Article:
Sam Bankman-Fried, the disgraced founder and former chief executive of FTX Trading Ltd., apologized to the employees in an internal letter this week explaining why the cryptocurrency exchange failed under his command.
According to the letter, Bankman-Fried said that he “froze up in the face of pressure and leaks” and said nothing during the beginning of the collapse of FTX.
Public troubles for FTX began during the weekend of Nov. 7 when Changpeng “CZ” Zhao, CEO of the cryptocurrency exchange Binance Ltd., announced plans to liquidate the exchange’s holdings of FTT, which are FTX’s native crypto token. That news came after leaked documents revealed FTX and its sister company Alameda Research where unusually entangled and how loans of FTT tokens were involved.
The liquidation announcement led to rumors of FTX’s insolvency, which in turn led to a run on the crypto exchange by users seeking to withdraw their assets. Soon, FTX ran into an liquidity crisis and withdrawals faltered. Binance reached out with a “letter of intent” to acquire FTX to save resolve the crisis, but quickly backpedaled after taking a look at the company’s books with Zhao stating that the exchange was beyond saving.
“I didn’t mean for any of this to happen, and I would give anything to be able to go back and do things over again. You were my family,” Bankman-Fried wrote in the letter. “I’ve lost that, and our old home is an empty warehouse of monitors. When I turn around, there’s no one left to talk to.”
Bankman-Fried resigned as CEO of FTX on Nov. 11, replaced by former Enron lawyer John Ray III in the wake of the company filing for bankruptcy protection. The letter was shared on the company’s internal Slack server because, since Bankman-Fried is no longer an employee of the company, he no longer has access to the chat, and it was shared by a current employee.
According to the letter, FTX held about $60 billion and $2 billion in liabilities in the spring, but the market crash reduced the value by half. He went on to say that the collateral for the company dropped to about $25 billion, while liabilities quadrupled to $8 billion. Yet another “concentrated, hyper-correlated” crash in November led to the collateral falling to $17 billion. And finally, he said, the “run on the bank” triggered by “the same attacks” ended with collateral at $9 billion.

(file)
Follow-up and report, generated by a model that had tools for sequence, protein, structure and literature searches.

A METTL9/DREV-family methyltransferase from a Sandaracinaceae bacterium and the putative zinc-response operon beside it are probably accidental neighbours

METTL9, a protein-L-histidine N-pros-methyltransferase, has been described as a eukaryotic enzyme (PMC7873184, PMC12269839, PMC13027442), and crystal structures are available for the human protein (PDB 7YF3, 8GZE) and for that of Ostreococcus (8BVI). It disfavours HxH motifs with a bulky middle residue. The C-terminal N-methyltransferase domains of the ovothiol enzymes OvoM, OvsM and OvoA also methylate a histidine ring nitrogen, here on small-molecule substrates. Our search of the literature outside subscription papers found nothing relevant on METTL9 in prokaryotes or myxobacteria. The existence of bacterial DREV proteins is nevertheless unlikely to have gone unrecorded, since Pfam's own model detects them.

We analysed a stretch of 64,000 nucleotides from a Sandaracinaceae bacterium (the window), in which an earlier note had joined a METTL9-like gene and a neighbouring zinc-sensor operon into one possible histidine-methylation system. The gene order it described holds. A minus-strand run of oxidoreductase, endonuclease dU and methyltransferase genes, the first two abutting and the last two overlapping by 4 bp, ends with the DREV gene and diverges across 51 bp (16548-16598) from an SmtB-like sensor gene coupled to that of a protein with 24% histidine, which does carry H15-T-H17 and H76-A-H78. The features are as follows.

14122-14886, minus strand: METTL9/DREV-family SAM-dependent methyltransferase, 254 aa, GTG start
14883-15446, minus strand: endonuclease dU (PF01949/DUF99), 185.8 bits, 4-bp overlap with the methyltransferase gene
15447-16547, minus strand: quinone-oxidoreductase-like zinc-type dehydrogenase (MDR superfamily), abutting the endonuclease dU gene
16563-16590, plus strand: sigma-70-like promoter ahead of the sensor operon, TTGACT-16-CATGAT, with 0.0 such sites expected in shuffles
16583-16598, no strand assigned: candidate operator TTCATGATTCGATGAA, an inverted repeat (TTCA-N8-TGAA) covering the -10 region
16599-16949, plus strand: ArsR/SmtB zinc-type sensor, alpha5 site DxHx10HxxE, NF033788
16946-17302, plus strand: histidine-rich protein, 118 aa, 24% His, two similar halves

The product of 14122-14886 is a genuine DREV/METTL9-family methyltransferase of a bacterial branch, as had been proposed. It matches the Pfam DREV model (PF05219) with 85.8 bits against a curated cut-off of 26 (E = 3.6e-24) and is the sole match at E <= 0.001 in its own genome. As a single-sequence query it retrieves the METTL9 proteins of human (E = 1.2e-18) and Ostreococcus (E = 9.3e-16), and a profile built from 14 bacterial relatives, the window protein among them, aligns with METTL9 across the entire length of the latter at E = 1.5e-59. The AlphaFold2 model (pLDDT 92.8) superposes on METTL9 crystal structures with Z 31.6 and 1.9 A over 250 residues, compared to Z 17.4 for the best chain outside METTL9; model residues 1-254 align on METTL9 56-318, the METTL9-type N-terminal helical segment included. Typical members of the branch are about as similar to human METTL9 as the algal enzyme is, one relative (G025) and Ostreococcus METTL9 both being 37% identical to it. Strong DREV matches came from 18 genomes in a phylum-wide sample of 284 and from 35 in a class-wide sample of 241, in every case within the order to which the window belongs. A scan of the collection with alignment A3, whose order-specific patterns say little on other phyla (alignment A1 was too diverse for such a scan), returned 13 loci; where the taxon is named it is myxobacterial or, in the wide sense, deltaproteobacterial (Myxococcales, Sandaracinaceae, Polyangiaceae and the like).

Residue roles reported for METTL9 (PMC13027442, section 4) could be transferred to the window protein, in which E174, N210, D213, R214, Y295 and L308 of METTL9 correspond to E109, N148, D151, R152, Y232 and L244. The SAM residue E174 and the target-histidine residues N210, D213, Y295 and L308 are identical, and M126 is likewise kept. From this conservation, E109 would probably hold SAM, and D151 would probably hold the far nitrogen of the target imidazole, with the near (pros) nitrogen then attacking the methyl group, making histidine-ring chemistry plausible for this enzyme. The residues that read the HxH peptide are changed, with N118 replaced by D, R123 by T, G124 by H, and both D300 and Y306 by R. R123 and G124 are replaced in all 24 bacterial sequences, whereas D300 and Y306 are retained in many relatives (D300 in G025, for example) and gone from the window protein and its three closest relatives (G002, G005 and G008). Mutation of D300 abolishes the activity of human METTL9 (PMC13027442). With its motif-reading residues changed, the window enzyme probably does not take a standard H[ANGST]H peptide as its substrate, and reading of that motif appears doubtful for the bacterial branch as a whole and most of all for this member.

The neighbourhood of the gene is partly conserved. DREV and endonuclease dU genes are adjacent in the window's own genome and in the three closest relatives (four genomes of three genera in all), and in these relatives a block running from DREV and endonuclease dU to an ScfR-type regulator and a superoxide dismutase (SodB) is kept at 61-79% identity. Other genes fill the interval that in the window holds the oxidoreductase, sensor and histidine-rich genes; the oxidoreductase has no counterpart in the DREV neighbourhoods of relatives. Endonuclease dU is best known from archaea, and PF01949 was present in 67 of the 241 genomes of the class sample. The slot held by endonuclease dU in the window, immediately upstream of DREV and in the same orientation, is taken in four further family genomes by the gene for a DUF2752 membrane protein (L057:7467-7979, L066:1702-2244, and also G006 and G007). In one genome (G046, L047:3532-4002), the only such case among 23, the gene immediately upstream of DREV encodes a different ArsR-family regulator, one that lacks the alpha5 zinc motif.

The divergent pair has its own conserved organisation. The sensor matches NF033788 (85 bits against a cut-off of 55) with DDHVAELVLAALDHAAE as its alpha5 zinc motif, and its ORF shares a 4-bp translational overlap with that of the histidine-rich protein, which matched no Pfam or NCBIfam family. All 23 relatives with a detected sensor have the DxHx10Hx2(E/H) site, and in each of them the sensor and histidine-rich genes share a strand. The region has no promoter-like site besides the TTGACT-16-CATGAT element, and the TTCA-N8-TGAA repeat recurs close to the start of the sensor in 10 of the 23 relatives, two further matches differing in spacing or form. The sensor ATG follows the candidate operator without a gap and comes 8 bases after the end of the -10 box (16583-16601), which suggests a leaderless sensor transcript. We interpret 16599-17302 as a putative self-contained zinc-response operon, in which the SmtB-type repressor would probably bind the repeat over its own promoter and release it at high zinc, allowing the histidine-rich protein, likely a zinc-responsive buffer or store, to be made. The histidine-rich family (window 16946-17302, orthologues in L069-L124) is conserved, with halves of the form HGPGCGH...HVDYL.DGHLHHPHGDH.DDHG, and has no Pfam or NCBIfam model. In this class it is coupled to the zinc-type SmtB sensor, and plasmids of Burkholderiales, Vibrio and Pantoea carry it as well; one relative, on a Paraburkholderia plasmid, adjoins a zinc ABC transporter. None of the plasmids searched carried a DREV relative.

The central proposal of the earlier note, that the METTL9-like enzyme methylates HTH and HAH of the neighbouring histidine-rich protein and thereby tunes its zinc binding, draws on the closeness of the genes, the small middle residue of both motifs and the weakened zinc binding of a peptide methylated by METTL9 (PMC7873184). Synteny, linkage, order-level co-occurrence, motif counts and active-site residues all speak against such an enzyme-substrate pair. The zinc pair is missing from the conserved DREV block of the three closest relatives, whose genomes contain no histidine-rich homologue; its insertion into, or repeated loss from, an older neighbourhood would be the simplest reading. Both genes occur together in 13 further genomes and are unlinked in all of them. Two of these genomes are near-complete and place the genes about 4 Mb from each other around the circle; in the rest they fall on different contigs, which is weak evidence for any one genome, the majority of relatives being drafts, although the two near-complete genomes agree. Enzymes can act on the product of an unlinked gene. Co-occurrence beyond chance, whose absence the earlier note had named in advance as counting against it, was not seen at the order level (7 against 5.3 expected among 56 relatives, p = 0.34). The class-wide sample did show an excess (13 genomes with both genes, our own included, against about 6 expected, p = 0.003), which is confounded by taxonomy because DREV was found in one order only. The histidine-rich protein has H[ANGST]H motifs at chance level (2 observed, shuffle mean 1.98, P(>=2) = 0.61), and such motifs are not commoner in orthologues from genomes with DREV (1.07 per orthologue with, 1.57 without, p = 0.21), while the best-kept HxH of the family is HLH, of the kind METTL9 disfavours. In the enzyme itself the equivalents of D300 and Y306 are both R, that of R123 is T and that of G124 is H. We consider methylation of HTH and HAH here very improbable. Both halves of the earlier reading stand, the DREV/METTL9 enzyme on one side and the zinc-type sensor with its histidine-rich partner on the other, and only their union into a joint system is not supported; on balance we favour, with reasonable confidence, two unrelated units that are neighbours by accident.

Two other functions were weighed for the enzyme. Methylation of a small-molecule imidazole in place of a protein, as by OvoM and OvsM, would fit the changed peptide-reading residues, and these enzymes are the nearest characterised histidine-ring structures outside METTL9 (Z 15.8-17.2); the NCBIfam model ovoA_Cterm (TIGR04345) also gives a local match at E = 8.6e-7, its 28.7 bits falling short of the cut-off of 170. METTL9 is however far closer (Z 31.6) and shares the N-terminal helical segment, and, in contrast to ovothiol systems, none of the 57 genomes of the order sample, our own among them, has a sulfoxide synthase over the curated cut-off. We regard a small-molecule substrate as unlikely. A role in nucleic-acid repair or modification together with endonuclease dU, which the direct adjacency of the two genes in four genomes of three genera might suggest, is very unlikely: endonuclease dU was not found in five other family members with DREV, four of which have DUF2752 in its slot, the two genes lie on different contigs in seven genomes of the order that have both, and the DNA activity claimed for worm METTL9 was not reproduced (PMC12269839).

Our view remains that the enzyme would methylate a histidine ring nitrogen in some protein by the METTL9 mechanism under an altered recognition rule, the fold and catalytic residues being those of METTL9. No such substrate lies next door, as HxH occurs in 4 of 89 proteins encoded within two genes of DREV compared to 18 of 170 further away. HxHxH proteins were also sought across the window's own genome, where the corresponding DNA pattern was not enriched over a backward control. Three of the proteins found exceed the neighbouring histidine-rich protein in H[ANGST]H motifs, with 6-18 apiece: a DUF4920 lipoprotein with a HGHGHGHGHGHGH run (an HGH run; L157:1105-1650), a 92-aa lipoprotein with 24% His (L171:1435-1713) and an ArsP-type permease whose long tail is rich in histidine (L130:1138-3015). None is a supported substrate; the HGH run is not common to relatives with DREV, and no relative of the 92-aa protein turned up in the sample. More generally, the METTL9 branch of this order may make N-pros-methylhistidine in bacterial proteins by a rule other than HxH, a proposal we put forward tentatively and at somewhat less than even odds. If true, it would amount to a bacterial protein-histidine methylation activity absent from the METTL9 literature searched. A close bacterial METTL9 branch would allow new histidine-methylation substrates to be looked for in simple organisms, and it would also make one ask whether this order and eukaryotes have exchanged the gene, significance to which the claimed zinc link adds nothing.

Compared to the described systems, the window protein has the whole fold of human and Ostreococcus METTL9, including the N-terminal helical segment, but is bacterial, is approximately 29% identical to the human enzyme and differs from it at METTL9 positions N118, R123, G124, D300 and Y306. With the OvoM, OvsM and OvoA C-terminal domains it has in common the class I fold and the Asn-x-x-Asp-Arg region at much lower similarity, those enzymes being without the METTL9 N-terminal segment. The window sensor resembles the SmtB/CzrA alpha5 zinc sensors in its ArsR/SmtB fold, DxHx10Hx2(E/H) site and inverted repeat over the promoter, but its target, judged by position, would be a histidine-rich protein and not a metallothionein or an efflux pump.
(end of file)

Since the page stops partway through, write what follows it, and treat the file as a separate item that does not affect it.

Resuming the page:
“As we frantically put everything together, it became clear that the position was larger than its display on admin/users, because of old fiat deposits before FTX had bank accounts,” Bankman-Fried wrote. “I did not realize the full extent of the margin position, nor did I realize the magnitude of the risk posed by a hyper-correlated crash.”
He added that an extreme amount of pressure came down make “hard calls very quickly” when the collapse began and that he had made irrational decisions as a result. He appears to regret filing for bankruptcy, since some of the entities FTX that he claims were solvent, and believes that he could have saved the company even as it was in its death throes.
“An extreme amount of coordinated pressure came, out of desperation, to file for bankruptcy for all of FTX — even entities that were solvent – and despite other jurisdictions’ claims,” he wrote. “We likely could have raised significant funding; potential interest in billions of dollars of funding came in roughly eight minutes after I signed the Chapter 11 docs. Between those funds, the billions of dollars of collateral the company still held, and the interest we’d received from other parties, I think that we probably could have returned large value to customers and saved the business.”
Although the letter outlines the downfall of FTX and comments on where the money went and why the collapse happened during his tenure, he did not address some of the more controversial aspects of his command. For example, allegations that FTX loaned customer funds to its sister company Alameda Research, or the leaked documents that revealed the tight relationship between the two companies involving the FTT tokens.
In his conclusion, Bankman-Fried claims that he hopes that FTX can still be saved. “Maybe there’s still a chance to save the company,” he said. “”I believe that there are billions of dollars of genuine interest from new investors that could go to making customers whole. But I can’t promise you that anything will happen, because it’s not my choice.”